Sells like Teen Spirit: Music, Youth Culture, and Social Crisis

By Ryan Moore | Go to book overview

1
Anarchy in the USA

Whenever governments have imposed sweeping free-market pro-
grams, the all-at-once shock treatment, or “shock therapy,” has
been the weapon of choice.

—Naomi Klein1

Gimme gimme shock treatment.

—The Ramones, “Gimme Gimme Shock Treatment”

New York City, 1975: The events that would later be heralded as the origins of punk were taking shape. During the previous year, the band Television had begun performing regularly at a music club buried in the depths of the Bowery, CBGB's. Television's gigs were soon paired with the Patti Smith Group, and both bands found an audience among New York's art rock crowd. Meanwhile, four self-styled hooligans from Queens had also formed a band and named themselves the Ramones; by 1975 their performances at CBGB's—renowned for their ferociousness and brevity—had garnered considerable attention and a recording contract with Sire Records. With their leather jackets, mop haircuts, and streetwise personas, the Ramones' depiction of juvenile delinquency was balanced by a cartoonish sense of humor, enabling them to personify an emerging punk sensibility of minimalism and postmodern irony.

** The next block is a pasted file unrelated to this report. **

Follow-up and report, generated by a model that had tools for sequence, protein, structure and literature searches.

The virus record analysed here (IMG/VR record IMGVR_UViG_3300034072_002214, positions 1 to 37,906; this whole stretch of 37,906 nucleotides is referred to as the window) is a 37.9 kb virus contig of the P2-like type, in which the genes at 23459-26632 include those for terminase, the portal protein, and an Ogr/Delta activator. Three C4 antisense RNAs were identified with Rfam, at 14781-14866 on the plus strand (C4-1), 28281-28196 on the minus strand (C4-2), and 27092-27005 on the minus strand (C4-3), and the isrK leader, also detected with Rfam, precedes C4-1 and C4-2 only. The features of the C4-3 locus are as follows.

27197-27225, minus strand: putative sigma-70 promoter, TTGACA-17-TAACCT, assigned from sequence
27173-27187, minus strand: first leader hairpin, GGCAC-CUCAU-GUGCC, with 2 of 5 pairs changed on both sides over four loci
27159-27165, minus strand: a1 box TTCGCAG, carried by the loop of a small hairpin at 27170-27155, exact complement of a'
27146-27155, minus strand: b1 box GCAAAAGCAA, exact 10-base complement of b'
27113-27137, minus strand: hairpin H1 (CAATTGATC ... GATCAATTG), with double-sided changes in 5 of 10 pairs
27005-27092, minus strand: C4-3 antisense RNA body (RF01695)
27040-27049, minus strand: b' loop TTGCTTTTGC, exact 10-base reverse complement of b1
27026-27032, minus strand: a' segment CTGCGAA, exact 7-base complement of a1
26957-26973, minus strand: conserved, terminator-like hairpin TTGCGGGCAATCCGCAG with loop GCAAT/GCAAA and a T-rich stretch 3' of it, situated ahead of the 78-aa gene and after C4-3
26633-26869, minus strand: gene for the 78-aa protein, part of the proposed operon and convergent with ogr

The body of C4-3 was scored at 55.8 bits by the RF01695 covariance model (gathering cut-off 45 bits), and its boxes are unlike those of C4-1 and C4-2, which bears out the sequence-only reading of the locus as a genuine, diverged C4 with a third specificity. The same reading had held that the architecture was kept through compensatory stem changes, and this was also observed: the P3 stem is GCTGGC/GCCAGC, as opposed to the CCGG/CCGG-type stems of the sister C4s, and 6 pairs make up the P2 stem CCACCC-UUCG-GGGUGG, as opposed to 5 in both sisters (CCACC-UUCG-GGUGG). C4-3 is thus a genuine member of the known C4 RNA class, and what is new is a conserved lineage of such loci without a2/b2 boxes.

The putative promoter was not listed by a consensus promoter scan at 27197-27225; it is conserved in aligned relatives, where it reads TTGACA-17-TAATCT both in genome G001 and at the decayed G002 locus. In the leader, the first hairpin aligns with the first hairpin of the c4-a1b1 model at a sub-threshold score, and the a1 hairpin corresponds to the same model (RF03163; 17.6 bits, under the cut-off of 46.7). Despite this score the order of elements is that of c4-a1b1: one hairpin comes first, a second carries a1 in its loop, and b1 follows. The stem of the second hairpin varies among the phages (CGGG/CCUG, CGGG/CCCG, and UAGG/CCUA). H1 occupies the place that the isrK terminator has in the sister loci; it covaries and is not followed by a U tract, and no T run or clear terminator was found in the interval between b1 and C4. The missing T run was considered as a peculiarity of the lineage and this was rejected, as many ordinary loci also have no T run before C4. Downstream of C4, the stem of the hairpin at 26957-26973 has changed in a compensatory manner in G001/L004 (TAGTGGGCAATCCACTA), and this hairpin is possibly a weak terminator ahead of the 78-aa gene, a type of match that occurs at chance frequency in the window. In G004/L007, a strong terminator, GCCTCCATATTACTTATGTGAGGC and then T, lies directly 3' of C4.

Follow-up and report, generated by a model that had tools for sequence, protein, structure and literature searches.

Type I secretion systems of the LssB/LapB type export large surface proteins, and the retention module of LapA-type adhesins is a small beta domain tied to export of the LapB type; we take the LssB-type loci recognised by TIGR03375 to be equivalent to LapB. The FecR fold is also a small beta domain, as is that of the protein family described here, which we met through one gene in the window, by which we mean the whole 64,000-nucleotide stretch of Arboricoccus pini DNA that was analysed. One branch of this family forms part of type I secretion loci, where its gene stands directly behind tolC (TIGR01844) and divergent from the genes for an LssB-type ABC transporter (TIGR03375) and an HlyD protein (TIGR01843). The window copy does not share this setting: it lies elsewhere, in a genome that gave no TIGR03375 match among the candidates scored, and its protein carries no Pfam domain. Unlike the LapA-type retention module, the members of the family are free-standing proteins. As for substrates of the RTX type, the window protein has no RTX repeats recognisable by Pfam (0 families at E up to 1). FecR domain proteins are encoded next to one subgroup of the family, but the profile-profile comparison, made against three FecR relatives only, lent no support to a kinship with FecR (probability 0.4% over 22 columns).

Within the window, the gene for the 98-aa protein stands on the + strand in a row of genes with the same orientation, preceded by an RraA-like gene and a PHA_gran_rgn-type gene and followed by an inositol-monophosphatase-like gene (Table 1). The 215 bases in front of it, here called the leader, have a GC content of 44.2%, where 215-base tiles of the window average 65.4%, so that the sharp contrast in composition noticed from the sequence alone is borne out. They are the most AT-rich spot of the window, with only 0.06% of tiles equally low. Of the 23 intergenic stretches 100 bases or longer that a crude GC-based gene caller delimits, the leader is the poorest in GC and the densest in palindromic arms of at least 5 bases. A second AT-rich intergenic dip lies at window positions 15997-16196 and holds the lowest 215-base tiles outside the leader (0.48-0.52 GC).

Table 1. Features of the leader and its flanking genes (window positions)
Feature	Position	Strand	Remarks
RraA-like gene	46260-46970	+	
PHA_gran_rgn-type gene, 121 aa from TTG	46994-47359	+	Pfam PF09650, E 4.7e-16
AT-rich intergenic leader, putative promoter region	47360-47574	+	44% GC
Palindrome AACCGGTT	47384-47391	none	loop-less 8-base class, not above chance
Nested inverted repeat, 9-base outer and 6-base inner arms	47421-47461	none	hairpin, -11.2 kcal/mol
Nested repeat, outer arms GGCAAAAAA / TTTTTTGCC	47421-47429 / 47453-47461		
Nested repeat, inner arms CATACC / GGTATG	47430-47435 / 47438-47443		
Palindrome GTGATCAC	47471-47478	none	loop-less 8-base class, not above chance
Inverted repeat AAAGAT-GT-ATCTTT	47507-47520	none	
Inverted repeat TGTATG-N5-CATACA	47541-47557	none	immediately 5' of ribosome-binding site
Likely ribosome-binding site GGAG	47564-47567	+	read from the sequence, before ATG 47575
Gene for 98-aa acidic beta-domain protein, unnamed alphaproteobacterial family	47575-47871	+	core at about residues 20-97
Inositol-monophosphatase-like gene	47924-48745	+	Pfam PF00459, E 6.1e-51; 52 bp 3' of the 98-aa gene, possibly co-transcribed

Before the end of 1975, two local writers had christened the burgeoning New York scene with the publication of a fanzine called Punk. For Legs McNeil, one of the magazine's cofounders, the term “punk” was used because it “seemed to sum up the thread that connected everything we liked—drunk, obnoxious, smart but not pretentious, absurd, funny, ironic, and things that appealed to the darker side.”2 In 1975, the New York scene comprised an extraordinarily eclectic cohort of musicians—including the

-1-

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Sells like Teen Spirit: Music, Youth Culture, and Social Crisis
Table of contents

Table of contents

  • Title Page iii
  • Contents v
  • Acknowledgments vii
  • 1: Anarchy in the Usa 1
  • 2: Reagan Youth 33
  • 3: Hell Awaits 75
  • 4: Young, Gifted, and Slack 114
  • 5: Retro Punks and Pin-Up Girls 156
  • 6: The Work of Rock in the Age of Digital Reproduction 197
  • Notes 219
  • Bibliography 245
  • Index 265
  • About the Author 275
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